six-thirty

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At six-thirty, sharp to the minute, he was back with a larger tray.

Dick Forrest put away the proofs, reached for a book entitled "Commercial Breeding of Frogs," and prepared to eat. The breakfast was simple yet fairly substantial--more coffee, a half grape-fruit, two soft-boiled eggs made ready in a glass with a dab of butter and piping hot, and a sliver of bacon, not over-cooked, that he knew was of his own raising and curing.


By this time the sunshine was pouring in through the screening and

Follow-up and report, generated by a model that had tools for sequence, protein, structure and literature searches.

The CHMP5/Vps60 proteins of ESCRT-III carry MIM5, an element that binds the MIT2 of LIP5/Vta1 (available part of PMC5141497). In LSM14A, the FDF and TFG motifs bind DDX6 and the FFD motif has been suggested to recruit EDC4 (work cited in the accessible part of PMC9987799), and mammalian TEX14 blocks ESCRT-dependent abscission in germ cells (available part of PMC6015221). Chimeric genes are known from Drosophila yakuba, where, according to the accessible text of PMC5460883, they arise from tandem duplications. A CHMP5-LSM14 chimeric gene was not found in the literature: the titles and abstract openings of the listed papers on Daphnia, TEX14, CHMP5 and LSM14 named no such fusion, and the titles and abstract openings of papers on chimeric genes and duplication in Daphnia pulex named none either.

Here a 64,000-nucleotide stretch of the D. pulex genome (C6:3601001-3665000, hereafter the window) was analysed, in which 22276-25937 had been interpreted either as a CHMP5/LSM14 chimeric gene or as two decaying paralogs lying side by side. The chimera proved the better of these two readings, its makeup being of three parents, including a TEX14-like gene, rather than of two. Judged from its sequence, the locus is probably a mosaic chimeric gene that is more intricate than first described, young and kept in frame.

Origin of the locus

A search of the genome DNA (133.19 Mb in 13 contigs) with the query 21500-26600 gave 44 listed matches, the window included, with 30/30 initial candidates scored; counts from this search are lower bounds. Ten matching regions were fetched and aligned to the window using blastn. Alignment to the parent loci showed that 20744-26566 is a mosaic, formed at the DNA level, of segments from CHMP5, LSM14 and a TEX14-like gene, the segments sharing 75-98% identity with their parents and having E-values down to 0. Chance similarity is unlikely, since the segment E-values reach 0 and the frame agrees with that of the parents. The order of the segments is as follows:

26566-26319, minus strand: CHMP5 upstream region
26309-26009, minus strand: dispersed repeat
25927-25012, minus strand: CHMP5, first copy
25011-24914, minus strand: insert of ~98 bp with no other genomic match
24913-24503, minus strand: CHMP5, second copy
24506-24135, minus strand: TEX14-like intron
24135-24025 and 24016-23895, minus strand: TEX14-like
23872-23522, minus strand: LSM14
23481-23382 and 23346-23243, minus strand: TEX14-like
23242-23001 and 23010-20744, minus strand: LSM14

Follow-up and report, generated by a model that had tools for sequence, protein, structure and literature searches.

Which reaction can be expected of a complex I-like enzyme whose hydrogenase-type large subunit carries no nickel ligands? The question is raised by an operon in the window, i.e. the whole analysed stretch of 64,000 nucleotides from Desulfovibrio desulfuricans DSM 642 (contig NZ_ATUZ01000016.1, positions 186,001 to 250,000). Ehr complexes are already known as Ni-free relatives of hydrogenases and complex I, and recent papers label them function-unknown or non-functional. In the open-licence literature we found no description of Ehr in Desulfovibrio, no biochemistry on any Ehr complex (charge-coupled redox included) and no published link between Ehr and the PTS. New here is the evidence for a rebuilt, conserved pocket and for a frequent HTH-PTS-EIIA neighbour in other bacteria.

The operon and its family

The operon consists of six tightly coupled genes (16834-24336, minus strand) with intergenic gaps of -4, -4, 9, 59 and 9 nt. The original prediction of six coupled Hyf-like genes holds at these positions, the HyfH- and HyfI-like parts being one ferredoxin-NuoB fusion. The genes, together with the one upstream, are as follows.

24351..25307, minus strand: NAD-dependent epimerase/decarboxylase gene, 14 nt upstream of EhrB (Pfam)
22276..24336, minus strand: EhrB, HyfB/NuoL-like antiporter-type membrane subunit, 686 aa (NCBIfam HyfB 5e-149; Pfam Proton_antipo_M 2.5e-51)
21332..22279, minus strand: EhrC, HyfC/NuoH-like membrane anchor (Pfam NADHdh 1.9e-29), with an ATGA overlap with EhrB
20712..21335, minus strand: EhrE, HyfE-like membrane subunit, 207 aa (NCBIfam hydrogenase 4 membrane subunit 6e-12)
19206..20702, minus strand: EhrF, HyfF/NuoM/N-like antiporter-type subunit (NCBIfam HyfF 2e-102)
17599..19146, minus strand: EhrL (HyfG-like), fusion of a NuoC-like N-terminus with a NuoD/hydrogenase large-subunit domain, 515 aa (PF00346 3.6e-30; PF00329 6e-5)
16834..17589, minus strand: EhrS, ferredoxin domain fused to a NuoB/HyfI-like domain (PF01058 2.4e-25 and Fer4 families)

across the bed. On the outside of the wire screen clung a number of house-flies, early-hatched for the season and numb with the night's cold. As Forrest ate he watched the hunting of the meat-eating yellow-jackets. Sturdy, more frost-resistant than bees, they were already on the wing and preying on the benumbed flies. Despite the rowdy noise of their flight, these yellow hunters of the air, with rarely ever a miss, pounced on their helpless victims and sailed away with them. The last fly was gone ere Forrest had sipped his last sip of coffee, marked "Commercial Breeding of Frogs" with a match, and taken up his proofsheets.